How Does MS Affect the Body?

Jul 26, 2017 4 min

MS affects the body by causing, among other things, muscle spasms, problems with thinking and learning, and mobility problems.

How does Multiple Sclerosis affect the body?

The symptoms of multiple sclerosis are varied, can affect any part of the body, and every patient is affected differently.

For some, the symptoms develop and get more pronounced over time, and for others the symptoms come and go. Two terms that are often used are:

  • Relapse – when symptoms that have abated for a time, come back.
  • Remission – When symptoms that have been bad, improve or clear.

The most common symptoms include:

  • Fatigue
  • Problems with sight
  • Trouble with balance and dizziness
  • Osteoporosis
  • Numbness and tingling
  • Muscle spasms, stiffness and weakness
  • Problems when thinking or planning
  • Sexual problems
  • Bladder problems
  • Bowel problems
  • Problems with speech and swallowing

For more information on the history, causes and treatments of MS, see MS: A Deeper Dive


Fatigue is an ‘invisible symptom’ of multiple sclerosis. It comes as a sudden loss of energy that prevents the patient from being able to continue an activity. It can be either or both mental and physical. It cannot be ‘worked through’, and the recovery time can be long.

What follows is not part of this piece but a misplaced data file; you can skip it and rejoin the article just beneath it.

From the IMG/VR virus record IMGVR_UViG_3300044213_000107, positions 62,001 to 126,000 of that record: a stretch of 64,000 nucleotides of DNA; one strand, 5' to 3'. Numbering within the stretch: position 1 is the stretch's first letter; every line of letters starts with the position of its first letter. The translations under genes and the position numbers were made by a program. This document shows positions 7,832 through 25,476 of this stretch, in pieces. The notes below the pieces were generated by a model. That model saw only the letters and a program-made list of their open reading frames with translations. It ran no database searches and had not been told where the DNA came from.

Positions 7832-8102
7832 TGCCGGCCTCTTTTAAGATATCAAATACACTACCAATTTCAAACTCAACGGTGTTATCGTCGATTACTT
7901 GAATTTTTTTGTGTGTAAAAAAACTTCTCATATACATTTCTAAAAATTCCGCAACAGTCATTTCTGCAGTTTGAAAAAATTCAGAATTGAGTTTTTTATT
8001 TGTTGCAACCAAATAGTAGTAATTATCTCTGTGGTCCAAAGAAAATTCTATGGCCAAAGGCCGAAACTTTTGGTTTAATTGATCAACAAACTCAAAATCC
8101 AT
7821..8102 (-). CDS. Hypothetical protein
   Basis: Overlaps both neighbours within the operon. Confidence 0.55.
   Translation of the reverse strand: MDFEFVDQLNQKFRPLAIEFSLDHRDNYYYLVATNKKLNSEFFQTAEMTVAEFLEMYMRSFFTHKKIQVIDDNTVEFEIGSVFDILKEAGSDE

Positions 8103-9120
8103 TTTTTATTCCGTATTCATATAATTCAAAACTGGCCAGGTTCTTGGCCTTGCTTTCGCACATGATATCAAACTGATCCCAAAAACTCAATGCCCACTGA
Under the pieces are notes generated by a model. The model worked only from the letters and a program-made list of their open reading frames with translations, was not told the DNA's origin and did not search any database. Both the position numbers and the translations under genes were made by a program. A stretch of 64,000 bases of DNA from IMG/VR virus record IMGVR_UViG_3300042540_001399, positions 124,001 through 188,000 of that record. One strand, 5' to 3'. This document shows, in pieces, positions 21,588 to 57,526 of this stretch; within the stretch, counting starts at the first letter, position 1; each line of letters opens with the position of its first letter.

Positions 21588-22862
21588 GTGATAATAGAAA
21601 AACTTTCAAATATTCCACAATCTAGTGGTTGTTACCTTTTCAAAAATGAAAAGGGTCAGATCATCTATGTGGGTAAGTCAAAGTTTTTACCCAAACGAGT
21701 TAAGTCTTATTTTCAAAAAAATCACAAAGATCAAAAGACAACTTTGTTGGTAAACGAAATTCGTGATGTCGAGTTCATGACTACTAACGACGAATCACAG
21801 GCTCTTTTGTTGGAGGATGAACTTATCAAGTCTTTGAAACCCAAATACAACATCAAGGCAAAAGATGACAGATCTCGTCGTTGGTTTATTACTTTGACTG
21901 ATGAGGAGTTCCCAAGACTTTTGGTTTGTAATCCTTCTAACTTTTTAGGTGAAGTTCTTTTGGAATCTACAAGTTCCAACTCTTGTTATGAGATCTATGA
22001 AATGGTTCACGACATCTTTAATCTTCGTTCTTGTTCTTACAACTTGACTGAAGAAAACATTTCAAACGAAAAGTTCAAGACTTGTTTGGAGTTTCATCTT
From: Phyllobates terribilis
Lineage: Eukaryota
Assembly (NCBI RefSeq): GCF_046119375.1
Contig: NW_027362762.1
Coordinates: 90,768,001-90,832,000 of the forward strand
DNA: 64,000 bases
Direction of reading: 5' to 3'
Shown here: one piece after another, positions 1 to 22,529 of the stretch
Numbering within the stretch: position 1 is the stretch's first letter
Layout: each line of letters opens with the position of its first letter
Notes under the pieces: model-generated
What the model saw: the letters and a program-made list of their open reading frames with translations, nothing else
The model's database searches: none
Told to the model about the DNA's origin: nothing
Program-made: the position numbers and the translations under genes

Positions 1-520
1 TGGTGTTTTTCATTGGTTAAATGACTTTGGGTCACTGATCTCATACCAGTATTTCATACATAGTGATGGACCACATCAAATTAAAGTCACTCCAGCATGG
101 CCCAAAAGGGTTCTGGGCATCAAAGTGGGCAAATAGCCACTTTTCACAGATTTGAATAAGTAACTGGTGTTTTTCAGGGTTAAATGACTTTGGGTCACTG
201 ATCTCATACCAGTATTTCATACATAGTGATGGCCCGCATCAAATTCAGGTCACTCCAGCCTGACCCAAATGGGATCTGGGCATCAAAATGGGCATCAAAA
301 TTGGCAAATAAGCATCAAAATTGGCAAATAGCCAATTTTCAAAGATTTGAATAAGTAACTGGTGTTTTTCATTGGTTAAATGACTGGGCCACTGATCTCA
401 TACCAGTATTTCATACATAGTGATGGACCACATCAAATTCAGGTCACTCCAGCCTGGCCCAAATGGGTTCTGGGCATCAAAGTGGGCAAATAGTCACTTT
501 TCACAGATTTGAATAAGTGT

Problems with sight

As multiple sclerosis affects nervous system, it’s not surprising that it should affect the optic nerve, which connects the eye to the brain. 20% of MS patients experience a problem with one of their eyes. It can be temporary loss of vision, colour blindness, flashes of light, blind spots with otherwise good vision, and often causes pain.

Trouble with balance and dizziness

Roughly speaking there are 3 parts to the balance system, and all rely on swift transmission of information about the outer environment, to the brain. When the pathways that carry these signals are interrupted, the physical effects can be destabilising. To balance we need:

  • Effective sight to communicate information about the environment
  • A stable inner ear to update the brain on the angle of the head
  • Clear senses to communicate where the various parts of the body are

Incidentally, successfully marrying these three elements is a constant challenge to the Virtual Reality industry. When the eyes are communicating movements like running and jumping, and the ears are sensing a rotating and tilting head, and the body is communicating no movement whatsoever, the effect can be nausea-inducing to even the strongest stomach. This sensation is not dissimilar to the sensation experienced by some MS patients.

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Multiple sclerosis can also cause tremors, muscle weakness, and stiffness or spasms in the limbs, which can all add to difficulties in balance.

The skeleton

Due to some common treatments and increased inactivity, MS patients are at a greater risk of developing osteoporosis, which causes weakened bones. Osteoporosis can make people with MS more susceptible to fractures and breaks, and as balance is often an issue, falls can become a problem.

Numbness and tingling

Numbness and tingling can affect any part of the body, but commonly affects the face, arms and legs. This is one of the most common symptoms of MS, and often the first symptom that raises alarm. The numbness can be slight, or it can be so severe that it has an effect on carrying out everyday activities.